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Tex Heart Inst J. 2010; 37(2): 141–148.
PMCID: PMC2851417

Contemporary Treatment of Unstable Angina and Non-ST-Segment-Elevation Myocardial Infarction (Part 1)

Abstract

In this, the 1st part of a 2-part review, we discuss how plaque rupture is the most common underlying pathophysiologic cause of unstable angina and non-ST-segment-elevation myocardial infarction and how early risk stratification is vital in the timely diagnosis and treatment of acute coronary syndrome. Part 2 of this review (to be published in a later issue of this journal) will focus mainly on the various pharmacologic agents and treatment approaches (early invasive vs early conservative) to the management of unstable angina and non-ST-segment-elevation myocardial infarction.

Key words: Acute disease, angina pectoris, angina, unstable/complications, arteriosclerosis/complications/pathology, biological markers/blood, coronary disease/etiology, creatine kinase, MB form/blood, disease progression, endothelium, vascular, models, cardiovascular, myocardial infarction/blood/diagnosis, risk assessment, syndrome, troponin I/blood, troponin II/blood

Acute coronary syndrome (ACS) refers to the array of clinical signs and symptoms produced by acute myocardial ischemia, including unstable angina (UA), non-ST-segment-elevation myocardial infarction (NSTEMI), and ST-segment-elevation myocardial infarction (STEMI).1 Each condition shares common pathophysiologic origins related to the instability and rupture of atherosclerotic vulnerable plaques (Fig. 1).2 Unstable angina and NSTEMI are differentiated one from the other primarily by their severity—whether the ischemia is prolonged enough to lead to structural myocardial damage and to the release of detectable markers of myocardial injury, most commonly troponin I (TnI), troponin T (TnT), or creatine kinase (CK)-MB.3

figure 3FF1
Fig. 1 Schematic illustrates the most common type of atherosclerotic vulnerable plaque, which is characterized by a thin fibrous cap, extensive macrophage infiltration, paucity of smooth muscle cells, and a large lipid core—without significant ...

Coronary heart disease (CHD) is a major cause of morbidity and death in the United States, affecting approximately 16 million Americans.4 In fact, someone in this nation experiences a coronary event every 25 seconds, and someone dies from a coronary event every minute. There are more than 1.4 million hospitalizations for ACS in the United States each year, and the direct and indirect costs of CHD are estimated to be more than $165 billion in 2009 alone.4 As the world's population ages, the incidence of CHD is expected to reach epidemic proportions, especially in developing countries.5 It is this realization that led to a 20-year effort by the medical community to change the priorities of public healthcare policymakers and to redirect research and capital investment funds toward the field of cardiovascular treatment and care. As a consequence of that effort, the medical literature now contains multiple novel findings from various randomized clinical trials, all of which have helped to establish and refine current evidence-based treatment for ACS.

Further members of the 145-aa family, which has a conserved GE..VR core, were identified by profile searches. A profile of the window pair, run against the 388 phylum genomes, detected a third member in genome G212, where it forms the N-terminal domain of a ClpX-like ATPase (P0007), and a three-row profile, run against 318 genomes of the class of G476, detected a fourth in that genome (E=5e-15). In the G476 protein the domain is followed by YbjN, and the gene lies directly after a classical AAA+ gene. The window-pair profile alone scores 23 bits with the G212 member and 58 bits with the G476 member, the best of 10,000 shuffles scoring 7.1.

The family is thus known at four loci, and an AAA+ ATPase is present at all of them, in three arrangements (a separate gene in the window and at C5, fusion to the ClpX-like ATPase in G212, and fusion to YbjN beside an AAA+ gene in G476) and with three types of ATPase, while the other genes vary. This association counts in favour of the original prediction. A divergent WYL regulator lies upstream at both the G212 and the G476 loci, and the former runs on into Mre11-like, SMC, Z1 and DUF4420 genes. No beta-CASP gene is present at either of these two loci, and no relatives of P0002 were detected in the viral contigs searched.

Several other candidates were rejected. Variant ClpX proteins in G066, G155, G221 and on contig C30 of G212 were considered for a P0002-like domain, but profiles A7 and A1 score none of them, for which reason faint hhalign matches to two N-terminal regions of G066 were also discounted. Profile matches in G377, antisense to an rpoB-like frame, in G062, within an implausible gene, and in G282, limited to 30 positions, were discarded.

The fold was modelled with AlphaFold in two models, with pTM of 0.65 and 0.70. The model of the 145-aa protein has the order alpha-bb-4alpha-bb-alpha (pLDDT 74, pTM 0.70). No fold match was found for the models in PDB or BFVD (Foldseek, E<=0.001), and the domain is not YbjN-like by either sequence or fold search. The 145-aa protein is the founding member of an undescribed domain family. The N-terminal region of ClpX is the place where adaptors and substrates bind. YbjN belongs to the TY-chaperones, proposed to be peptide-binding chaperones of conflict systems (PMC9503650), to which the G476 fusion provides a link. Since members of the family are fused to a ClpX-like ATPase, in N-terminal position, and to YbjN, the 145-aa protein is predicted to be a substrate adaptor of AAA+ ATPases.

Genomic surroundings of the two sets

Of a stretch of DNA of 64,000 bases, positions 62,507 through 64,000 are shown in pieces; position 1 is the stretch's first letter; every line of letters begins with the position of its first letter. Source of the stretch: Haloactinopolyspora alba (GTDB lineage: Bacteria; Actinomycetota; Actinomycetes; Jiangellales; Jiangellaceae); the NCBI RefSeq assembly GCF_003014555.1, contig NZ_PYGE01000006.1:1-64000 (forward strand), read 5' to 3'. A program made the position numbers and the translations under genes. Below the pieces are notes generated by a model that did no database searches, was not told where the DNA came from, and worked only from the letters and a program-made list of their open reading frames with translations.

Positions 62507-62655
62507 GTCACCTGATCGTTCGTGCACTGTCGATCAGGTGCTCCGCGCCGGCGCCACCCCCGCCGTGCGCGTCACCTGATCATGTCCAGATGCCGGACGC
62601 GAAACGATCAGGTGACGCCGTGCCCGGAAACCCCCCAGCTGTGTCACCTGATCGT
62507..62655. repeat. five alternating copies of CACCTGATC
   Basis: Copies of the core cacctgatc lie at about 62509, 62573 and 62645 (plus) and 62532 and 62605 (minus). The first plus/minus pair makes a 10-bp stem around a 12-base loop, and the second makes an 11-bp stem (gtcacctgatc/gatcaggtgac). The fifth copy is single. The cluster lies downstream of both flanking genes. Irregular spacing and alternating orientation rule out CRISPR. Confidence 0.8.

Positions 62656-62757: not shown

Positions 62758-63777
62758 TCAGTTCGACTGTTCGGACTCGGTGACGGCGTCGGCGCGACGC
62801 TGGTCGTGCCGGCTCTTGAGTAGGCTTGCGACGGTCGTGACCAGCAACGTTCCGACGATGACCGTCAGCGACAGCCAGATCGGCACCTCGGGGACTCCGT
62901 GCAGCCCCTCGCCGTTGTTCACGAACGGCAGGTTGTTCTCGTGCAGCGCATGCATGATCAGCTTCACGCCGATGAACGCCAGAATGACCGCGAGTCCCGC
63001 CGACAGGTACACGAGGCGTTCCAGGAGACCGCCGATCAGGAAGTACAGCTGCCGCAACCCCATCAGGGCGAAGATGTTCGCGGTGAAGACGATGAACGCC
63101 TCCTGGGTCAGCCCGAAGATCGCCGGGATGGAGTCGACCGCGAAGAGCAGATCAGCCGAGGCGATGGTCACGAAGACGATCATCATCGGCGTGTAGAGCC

In this, the 1st part of a 2-part review, we discuss how plaque rupture is the most common underlying pathophysiologic cause of UA/NSTEMI cases and how early risk stratification is vital in the timely diagnosis and treatment of ACS. Part 2 of this review (to be published in a later issue of this journal) will focus mainly on the various pharmacologic agents and treatment approaches (early invasive vs early conservative) to the management of UA and NSTEMI.

Pathophysiology

Unstable angina and NSTEMI result from a disparity between myocardial oxygen delivery and demand, which usually presents as angina occurring with limited physical activity or at rest (a crescendo pattern). The demand-and-delivery mismatch associated with UA/NSTEMI can occur because of dynamic obstruction secondary to intense arterial spasm; because of progressive, severe, flow-limiting atherosclerosis due to intimal hyperplasia or to lipid, calcium, and thrombus deposition, or to fibrointimal hyperplasia after percutaneous coronary intervention (PCI); because of coronary artery dissection; or (in instances of “secondary” UA) because of conditions that alter myocardial oxygen demand or supply, such as intense emotion, tachycardia, or uncontrolled systemic hypertension.6